News
Hayao Miyazaki's Next Film Is 15% Complete After 3.5 Years

posted on by Egan Loo
Ghibli founder directs 1 minute of animation per month on Kimi-tachi wa Dō Ikiru ka

Studio Ghibli producer Toshio Suzuki reported that Hayao Miyazaki's next feature film, Kimi-tachi wa Dō Ikiru ka (How Do You Live?), was about 15% complete at the end of October, after three and a half years of production. Suzuki spoke with actor Takeru Satoh (live-action Rurouni Kenshin films' title character) during Satoh's studio visit to interview Miyazaki. Satoh's interview aired on NHK General on Tuesday during the Tokyo Miracle Dai-3-Shū: Saikyō Shōhin Anime (Tokyo Miracle III: Anime, The Most Powerful Commodity) documentary special.

Suzuki explained that Miyazaki in the past would be able to direct seven to 10 minutes of animation per month, and they had scheduled for five minutes of animation per month or about one hour per year on Kimi-tachi wa Dō Ikiru ka . However, Miyazaki is now directing about one minute of animation per month.

Miyazaki emphasized to Satoh that he really did want to retire after completing The Wind Rises in 2013, but the 78-year-old director added that he could not help but return to animating again.

Suzuki had stated in a Bungei Shunjū magazine essay published in March that Miyazaki is working on Kimi-tachi wa Dō Ikiru ka without a deadline to complete it. Suzuki said, "With the production of this new film, we're experimenting with having no established deadline. I'm looking forward to how that comes through in the work." Suzuki indicated that Studio Ghibli's works normally have set production schedules. In an earlier television special that revealed the film project, Miyazaki presented a proposed schedule for finishing the film by 2019, but Suzuki indicated that the studio is no longer following that plan.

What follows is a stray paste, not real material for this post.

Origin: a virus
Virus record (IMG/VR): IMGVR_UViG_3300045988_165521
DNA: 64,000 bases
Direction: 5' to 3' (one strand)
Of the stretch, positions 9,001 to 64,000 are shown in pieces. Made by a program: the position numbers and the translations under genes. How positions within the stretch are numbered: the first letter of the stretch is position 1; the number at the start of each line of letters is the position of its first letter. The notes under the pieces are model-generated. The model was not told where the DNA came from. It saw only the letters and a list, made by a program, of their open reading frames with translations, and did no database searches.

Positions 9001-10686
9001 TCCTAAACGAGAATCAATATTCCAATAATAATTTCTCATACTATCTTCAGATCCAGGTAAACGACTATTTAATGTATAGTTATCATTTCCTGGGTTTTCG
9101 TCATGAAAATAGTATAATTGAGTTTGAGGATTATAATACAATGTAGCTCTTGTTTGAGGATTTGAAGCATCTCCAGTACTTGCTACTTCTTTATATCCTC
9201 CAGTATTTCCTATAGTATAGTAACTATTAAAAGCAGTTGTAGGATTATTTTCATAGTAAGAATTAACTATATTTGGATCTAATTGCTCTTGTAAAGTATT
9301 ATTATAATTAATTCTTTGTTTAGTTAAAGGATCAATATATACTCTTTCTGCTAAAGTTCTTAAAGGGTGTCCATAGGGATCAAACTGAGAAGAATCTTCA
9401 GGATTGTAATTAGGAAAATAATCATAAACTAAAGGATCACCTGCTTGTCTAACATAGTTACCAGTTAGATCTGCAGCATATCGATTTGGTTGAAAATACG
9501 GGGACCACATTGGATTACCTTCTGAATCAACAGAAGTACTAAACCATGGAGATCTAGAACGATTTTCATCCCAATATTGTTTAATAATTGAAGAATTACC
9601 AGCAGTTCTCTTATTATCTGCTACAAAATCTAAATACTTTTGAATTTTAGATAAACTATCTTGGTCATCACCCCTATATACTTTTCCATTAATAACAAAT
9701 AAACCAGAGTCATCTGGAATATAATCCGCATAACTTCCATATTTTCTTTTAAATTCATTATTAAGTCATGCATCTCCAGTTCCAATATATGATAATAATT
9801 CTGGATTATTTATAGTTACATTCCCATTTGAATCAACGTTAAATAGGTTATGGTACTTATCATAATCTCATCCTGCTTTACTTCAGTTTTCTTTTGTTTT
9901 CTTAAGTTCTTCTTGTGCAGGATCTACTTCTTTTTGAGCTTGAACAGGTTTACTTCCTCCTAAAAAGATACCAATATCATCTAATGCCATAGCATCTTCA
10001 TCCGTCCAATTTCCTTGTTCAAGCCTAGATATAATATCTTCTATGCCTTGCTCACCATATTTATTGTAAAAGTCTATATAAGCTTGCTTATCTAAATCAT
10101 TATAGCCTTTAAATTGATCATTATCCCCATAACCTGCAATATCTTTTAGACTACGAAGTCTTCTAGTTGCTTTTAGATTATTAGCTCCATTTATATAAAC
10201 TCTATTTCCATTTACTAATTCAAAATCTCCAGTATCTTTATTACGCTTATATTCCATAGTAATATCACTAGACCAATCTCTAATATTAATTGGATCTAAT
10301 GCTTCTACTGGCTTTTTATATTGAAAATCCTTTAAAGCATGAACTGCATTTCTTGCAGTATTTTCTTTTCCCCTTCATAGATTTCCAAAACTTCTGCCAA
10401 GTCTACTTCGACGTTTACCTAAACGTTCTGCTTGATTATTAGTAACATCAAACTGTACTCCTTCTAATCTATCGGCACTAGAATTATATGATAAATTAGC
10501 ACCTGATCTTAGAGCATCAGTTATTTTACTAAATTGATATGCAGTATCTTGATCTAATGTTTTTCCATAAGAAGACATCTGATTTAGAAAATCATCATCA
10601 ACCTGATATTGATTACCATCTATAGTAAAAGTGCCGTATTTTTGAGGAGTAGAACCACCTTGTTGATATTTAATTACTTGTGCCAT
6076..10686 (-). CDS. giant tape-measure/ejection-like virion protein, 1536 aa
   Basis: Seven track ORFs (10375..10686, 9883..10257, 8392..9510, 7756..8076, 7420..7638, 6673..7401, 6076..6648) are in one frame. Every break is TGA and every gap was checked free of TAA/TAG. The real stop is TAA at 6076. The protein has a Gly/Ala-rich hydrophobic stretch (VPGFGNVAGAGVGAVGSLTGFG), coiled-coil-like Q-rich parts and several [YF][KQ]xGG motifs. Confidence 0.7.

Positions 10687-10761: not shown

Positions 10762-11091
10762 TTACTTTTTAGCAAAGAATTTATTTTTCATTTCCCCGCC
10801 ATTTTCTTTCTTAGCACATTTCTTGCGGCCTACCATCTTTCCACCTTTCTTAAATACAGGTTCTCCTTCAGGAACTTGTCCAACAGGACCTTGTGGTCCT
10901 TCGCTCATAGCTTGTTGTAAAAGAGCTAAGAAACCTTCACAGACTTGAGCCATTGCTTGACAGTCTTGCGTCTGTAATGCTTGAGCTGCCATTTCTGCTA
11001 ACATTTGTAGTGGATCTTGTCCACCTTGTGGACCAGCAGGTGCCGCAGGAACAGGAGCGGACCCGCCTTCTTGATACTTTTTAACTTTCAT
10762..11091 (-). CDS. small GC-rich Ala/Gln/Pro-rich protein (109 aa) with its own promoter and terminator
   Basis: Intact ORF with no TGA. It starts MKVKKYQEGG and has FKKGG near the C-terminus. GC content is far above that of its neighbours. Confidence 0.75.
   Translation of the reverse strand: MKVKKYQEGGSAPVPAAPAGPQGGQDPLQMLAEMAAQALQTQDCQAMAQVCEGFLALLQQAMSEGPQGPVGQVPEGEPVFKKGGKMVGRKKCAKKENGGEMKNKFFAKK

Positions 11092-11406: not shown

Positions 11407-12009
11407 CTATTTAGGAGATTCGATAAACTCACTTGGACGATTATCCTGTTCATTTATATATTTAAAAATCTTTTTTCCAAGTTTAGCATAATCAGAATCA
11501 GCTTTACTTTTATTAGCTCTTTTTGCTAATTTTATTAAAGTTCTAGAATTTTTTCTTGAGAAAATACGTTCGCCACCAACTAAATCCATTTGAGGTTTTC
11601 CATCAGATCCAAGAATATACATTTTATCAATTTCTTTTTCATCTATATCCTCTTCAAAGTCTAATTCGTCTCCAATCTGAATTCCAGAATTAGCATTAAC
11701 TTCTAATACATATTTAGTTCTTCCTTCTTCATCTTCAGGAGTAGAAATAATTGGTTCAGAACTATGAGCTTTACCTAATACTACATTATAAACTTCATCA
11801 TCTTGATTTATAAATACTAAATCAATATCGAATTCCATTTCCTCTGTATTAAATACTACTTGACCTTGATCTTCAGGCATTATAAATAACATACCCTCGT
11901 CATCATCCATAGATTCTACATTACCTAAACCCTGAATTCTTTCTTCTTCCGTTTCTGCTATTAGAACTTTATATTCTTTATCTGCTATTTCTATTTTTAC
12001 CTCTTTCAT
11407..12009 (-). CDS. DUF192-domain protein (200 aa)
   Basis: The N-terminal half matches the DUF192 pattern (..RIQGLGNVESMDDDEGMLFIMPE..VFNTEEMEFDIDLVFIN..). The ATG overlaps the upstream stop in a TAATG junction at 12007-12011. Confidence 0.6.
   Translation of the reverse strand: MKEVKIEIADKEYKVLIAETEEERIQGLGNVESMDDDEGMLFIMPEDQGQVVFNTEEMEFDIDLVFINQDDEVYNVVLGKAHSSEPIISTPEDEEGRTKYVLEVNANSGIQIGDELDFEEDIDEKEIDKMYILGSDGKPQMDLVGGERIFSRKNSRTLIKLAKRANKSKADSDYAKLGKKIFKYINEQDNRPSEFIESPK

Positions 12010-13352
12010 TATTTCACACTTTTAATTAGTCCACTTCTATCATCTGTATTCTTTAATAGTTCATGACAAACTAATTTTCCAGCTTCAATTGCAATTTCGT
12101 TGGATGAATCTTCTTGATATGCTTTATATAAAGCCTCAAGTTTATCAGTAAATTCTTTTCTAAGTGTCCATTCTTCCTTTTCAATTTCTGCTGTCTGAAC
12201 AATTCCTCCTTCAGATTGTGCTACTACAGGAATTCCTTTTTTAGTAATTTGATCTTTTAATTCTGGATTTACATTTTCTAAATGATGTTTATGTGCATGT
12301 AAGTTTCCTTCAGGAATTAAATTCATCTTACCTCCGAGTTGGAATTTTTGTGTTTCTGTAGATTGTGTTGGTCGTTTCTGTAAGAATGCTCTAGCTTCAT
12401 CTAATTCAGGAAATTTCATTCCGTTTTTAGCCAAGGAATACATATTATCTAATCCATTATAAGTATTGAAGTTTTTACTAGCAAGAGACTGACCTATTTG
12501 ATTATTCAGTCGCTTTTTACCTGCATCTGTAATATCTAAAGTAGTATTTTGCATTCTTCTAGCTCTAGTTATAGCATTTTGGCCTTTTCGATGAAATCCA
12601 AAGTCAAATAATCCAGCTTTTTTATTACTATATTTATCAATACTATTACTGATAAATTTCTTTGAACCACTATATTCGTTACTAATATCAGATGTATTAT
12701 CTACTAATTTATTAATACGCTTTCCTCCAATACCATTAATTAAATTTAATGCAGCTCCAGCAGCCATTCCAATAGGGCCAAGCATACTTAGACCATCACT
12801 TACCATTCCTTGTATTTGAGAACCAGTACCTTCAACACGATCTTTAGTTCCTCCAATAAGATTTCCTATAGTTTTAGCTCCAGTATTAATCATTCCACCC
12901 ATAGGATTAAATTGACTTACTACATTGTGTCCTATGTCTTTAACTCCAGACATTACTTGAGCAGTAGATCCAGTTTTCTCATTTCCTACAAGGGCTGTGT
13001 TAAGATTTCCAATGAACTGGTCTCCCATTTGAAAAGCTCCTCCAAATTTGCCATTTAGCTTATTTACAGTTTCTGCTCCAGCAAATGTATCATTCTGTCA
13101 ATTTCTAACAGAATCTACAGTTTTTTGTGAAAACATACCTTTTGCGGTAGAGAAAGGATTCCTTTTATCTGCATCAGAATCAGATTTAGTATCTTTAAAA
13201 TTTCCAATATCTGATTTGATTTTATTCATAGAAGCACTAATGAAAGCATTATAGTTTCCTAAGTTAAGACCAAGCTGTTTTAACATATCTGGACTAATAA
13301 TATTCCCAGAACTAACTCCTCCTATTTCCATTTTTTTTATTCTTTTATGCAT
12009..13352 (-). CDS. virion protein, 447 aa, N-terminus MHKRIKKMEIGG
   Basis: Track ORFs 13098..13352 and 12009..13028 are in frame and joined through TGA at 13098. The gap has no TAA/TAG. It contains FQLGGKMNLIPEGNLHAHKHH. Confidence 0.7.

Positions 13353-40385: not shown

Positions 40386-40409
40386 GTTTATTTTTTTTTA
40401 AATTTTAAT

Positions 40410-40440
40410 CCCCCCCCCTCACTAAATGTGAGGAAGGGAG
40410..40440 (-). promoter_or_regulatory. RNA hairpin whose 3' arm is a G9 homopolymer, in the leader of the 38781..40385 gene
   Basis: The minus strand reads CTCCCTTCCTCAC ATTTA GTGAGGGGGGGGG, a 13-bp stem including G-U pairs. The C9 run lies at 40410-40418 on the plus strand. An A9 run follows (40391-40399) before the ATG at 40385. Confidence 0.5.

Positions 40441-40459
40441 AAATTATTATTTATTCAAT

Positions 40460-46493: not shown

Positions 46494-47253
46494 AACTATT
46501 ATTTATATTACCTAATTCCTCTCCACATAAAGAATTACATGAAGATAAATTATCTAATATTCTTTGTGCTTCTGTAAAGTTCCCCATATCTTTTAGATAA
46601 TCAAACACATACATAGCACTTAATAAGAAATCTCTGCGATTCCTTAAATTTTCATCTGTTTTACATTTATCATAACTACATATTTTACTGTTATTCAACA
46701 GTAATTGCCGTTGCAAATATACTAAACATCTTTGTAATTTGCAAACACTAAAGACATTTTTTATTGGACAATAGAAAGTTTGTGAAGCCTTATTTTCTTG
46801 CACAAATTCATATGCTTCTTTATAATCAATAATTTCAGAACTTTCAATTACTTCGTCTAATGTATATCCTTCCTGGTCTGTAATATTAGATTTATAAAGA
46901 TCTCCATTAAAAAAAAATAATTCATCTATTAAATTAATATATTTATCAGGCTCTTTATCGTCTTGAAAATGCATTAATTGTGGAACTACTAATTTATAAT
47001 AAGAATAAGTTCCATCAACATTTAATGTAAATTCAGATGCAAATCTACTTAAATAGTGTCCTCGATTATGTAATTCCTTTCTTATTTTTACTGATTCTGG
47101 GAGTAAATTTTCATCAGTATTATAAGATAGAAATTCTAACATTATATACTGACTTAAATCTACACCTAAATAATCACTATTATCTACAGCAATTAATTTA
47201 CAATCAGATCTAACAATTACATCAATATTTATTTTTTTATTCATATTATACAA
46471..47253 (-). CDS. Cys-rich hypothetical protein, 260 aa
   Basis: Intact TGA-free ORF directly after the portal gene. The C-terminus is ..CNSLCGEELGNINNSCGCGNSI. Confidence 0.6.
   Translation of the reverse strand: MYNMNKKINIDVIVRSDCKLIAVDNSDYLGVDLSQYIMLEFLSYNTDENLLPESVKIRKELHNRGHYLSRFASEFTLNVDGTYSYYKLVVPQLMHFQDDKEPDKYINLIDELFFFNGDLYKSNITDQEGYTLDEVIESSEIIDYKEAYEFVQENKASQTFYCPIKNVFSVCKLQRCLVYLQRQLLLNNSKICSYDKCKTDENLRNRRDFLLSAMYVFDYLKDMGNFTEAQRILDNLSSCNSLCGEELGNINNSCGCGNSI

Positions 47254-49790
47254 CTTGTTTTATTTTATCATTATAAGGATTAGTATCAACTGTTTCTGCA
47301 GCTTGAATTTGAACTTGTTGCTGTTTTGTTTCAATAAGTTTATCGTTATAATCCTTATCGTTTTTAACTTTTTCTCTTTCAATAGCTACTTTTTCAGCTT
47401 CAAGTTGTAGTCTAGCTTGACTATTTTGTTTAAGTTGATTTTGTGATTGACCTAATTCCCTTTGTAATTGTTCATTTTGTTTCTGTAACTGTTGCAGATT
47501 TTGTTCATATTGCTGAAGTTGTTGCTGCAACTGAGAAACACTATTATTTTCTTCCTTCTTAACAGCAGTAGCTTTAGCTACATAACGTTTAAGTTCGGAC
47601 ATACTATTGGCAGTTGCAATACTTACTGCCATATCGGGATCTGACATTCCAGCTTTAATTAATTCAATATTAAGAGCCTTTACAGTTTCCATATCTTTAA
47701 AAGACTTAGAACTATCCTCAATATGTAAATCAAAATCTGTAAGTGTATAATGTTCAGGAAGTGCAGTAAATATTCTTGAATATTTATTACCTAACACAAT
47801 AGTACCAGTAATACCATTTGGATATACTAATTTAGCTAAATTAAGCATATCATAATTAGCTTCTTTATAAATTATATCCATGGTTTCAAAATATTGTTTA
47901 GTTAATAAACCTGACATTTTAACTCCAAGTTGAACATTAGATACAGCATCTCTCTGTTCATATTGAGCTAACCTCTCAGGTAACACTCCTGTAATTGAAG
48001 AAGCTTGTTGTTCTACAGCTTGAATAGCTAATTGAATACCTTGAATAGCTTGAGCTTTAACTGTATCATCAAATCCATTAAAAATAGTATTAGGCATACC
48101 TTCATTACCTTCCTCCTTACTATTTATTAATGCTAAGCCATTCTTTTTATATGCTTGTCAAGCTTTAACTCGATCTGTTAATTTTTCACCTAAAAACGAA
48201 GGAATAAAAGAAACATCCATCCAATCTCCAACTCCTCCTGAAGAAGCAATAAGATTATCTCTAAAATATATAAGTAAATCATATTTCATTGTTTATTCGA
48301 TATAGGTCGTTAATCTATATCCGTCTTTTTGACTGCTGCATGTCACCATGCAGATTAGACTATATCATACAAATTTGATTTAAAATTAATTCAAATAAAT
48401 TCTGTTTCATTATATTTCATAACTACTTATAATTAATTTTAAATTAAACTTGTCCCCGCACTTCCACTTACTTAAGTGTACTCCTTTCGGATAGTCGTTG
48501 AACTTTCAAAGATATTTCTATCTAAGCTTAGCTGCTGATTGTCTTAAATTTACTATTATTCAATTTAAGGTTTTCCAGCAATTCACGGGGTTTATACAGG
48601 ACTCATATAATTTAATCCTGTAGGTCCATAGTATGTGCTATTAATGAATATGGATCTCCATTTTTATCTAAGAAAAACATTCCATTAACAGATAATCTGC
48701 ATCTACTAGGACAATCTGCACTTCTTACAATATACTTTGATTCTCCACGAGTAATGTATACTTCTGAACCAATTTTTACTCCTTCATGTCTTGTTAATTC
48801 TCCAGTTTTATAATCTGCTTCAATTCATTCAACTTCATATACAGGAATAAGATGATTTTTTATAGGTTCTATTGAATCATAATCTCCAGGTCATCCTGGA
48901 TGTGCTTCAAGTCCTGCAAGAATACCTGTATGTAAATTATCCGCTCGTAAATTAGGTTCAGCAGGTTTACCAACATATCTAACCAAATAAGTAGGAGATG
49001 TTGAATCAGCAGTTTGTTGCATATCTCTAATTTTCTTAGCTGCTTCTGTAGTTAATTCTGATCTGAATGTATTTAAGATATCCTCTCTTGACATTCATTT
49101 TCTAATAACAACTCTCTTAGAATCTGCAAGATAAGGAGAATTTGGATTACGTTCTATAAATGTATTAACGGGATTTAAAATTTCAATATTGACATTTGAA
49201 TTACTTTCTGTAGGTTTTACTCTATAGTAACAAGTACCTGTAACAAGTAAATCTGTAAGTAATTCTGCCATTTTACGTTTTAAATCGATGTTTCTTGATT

Suzuki added that Miyazaki is a person who is not interested in money. Also, Suzuki believes Miyazaki is effectively unable to truly retire because having nothing to do and living as an ordinary retiree would bother him. Suzuki believes Miyazaki feels most at home in continuing to work on film production.

Suzuki acknowledged that some have labeled Miyazaki's upcoming film as his last. However, Suzuki said, "I don't believe it. As long as he lives, [Miyazaki] will probably continue to make films." Because of that, Suzuki said he is asking Miyazaki, "Just please don't make a second retirement announcement."

Suzuki said in August 2018 that he thought the new film will open in "about three or four years." Suzuki also noted that the film had been in production for two years, and that the studio was doing things in the film that it could not do before.

Miyazaki himself had stated in October 2017 that he would need three or four years to complete his action-adventure fantasy film. Miyazaki derived the film's title from writer Genzaburō Yoshino's 1937 masterpiece of the same name (pictured left). He added that this book is a story that has great meaning to the protagonist of his film. Yoshino's book centers around a man named Koperu and his uncle, and through Koperu's spiritual growth, it discusses how to live as human beings.

Suzuki reported in April 2017 that Miyazaki had been drawing the storyboards for the project since July 2016. However, Suzuki said at the time that Miyazaki had only drawn 20 minutes of storyboards so far.

In the Owaranai Hito Miyazaki Hayao (Never-Ending Man: Hayao Miyazaki) special that aired in November 2016, Miyazaki reported that he wanted to return to making an anime feature film after his "Kemushi no Boro" short for the Ghibli Museum (which debuted in March 2018). According to the special, Miyazaki was not satisfied with doing just the CG short, and he presented a project proposal for a feature-length film in August 2016. Despite not officially receiving a green-light for the feature film at the time, Miyazaki decided to start animation work on the project anyway.

Source: Tokyo Miracle Dai-3-Shū: Saikyō Shōhin Anime special


discuss this in the forum (24 posts) |
bookmark/share with:

this article has been modified since it was originally posted; see change history

News homepage / archives